April 30, 1923 – March 1, 2014
Harold Kenneth Hubbard was a child of the depression born in Kelso, Washington to William “Henry” Hubbard and Lora Baker Hubbard and raised on a pig farm located in the shadows of Mount St. Helens. He was preceded in death by his wife Hildreth, brother Edgar “Quinton”, his half-brothers David and Jack, and his half-sister Luella “Mable.”
Ken began his many years of government service when he joined the Civil Conservation Corp (CCC) when he was 15 years old. Like many of his generation he volunteered for military service after the Japanese attack on Pearl Harbor enlisting in the US Coast Guard. During his service in the Coast Guard he piloted Higgins boats during several beach assaults including the Marianas, Saipan, Okinawa, and Iwo Jima. Among many of his various “War Stories” was how the steering wheel and column of his Higgins was “shot out from underneath him” in Okinawa.
A few years after his discharge at the end of World War II Ken joined a US Naval Reserve unit. Shortly after the onset of the Korean War in 1950 he was returned to active duty and was assigned to the USS Princeton (CV-37), an aircraft carrier in dry dock at the Bremerton Naval shipyard. A couple years earlier Ken met and courted Hildreth Tover. They had planned to marry before the Korean War broke out. When his Naval reserve unit was called up and he was assigned to the Princeton, Hildreth and Ken moved up their wedding plans so that they could marry before he had to ship out. Unfortunately, within weeks of their marriage he was critically injured during a shipboard accident, severely breaking his back, a leg and several other bones. Ken spent the duration of the Korean War in the Bremerton Naval Hospital recovering from his injuries. Two years after the accident he was medically discharged from the Navy.
After receiving his discharge Ken and Hildreth moved to Longview, Washington where he began a career as a meat cutter. He and Hildreth settled down and raised two children, – a daughter Karen Rae and a son Steven Trygve. They lived in Longview for several years but eventually moved to Seattle, which became their permanent home.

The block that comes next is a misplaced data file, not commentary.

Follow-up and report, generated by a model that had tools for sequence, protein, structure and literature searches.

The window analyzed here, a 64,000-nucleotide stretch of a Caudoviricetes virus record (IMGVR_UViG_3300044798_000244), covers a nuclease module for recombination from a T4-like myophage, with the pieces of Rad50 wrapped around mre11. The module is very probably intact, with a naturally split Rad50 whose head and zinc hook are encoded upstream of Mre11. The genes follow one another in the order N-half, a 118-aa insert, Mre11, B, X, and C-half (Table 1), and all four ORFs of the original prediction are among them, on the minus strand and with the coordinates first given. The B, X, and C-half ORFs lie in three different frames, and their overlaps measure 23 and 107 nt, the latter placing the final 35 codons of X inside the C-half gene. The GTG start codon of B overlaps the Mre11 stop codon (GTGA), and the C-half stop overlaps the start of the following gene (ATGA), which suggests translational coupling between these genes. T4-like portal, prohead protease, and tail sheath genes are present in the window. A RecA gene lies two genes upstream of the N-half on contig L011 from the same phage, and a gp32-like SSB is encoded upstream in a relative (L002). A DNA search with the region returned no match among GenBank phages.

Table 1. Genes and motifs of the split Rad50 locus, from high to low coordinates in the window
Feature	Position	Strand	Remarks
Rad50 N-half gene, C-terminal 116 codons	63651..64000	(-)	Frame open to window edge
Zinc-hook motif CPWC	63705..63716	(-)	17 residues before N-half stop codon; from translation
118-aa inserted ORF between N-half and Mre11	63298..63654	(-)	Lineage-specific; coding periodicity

In addition to his children, Ken is survived by three grandchildren, Kenneth Trygve, Kelly Jean, and Gene Nathaniel, and three great grandchildren, Lorissa Jean, Claire Lousie and Dylan Trygve. Ken was much beloved as a father, grandfather, and great-grandfather but generally considered to be the “family uncle”as well. Family was front and center in Ken life. He had a extremely strong work ethic and did his best to instill this in all his children.
Ken took great pleasure in his many friends and hobbies. He was an avid fisherman and an accomplished wood worker. He excelled in whatever he put his hand to. In later years he learned to bake pies, cheese cakes, and a variety of breads – a gift many friends and neighbors took joy in and a great source of pride to him. Quite a little cake and pieman he became.
Service and fraternal organizations were a big part of Ken’s life. He joined the Elks Club after World War II and became a life member of the Longview Elks. He was also a member of the American Legion’s Seattle Lodge for more than twenty years. In 1996 he joined the North Central Kiwanis in Seattle. He served faithfully in several roles, once as President and served in several other club positions as well. Often as not, content to just toil in the background. He felt privileged to labor with his fellow Kiwanians particularly in their work with disabled children.
Ken was a patriot in the truest sense of the word. He was extremely proud of his family history of Service to his country. He often spoke of the family’s history of Military Service. His grandfather served as a bugle Boy in the Civil War, His father served in the Spanish American War, His oldest brother David served in World War I, Ken and two other older brothers Jack and Quinton served in World War II, and then finally Ken served in the Korean War.
Ken was a man of strong quiet faith. He was an honorable man whose word was truly his bond. Harold Ken Hubbard will be sorely missed not just by family, but by all those that had the blessing and good fortune to know him.
A Memorial Service with full Military Honors for Ken will be will be held at Mt Tahoma National Cemetery on July 11th at 1115 AM.
Posted June 7, 2014 at 3:13 am
I was a “hippie” when I first met Mr. Hubbard.
A friend of Ken Sharpe and Dick Murry. Those of his generation were like a second family to me, I will never forget. God Bless Ken, you can show me some fishing skills when I see you next.
Posted June 7, 2014 at 9:08 am
True Hero, wonderful man, friend!
Baker, woodmaker, sweetness and stories that
what Ken Hubbard was made!
Heart felt hugs for all of the family and dear friends left behind.
His is truly missed, but when I think of him I smile.
Posted June 8, 2014 at 1:20 pm
I met Ken through Kiwanis and found him to be such a sweet man. I worked with him at the concessions stand at Shoreline. He kept things on task!!! I loved his wood working which was so beautiful. We have lost a dear soul and sympathy is extended to his family.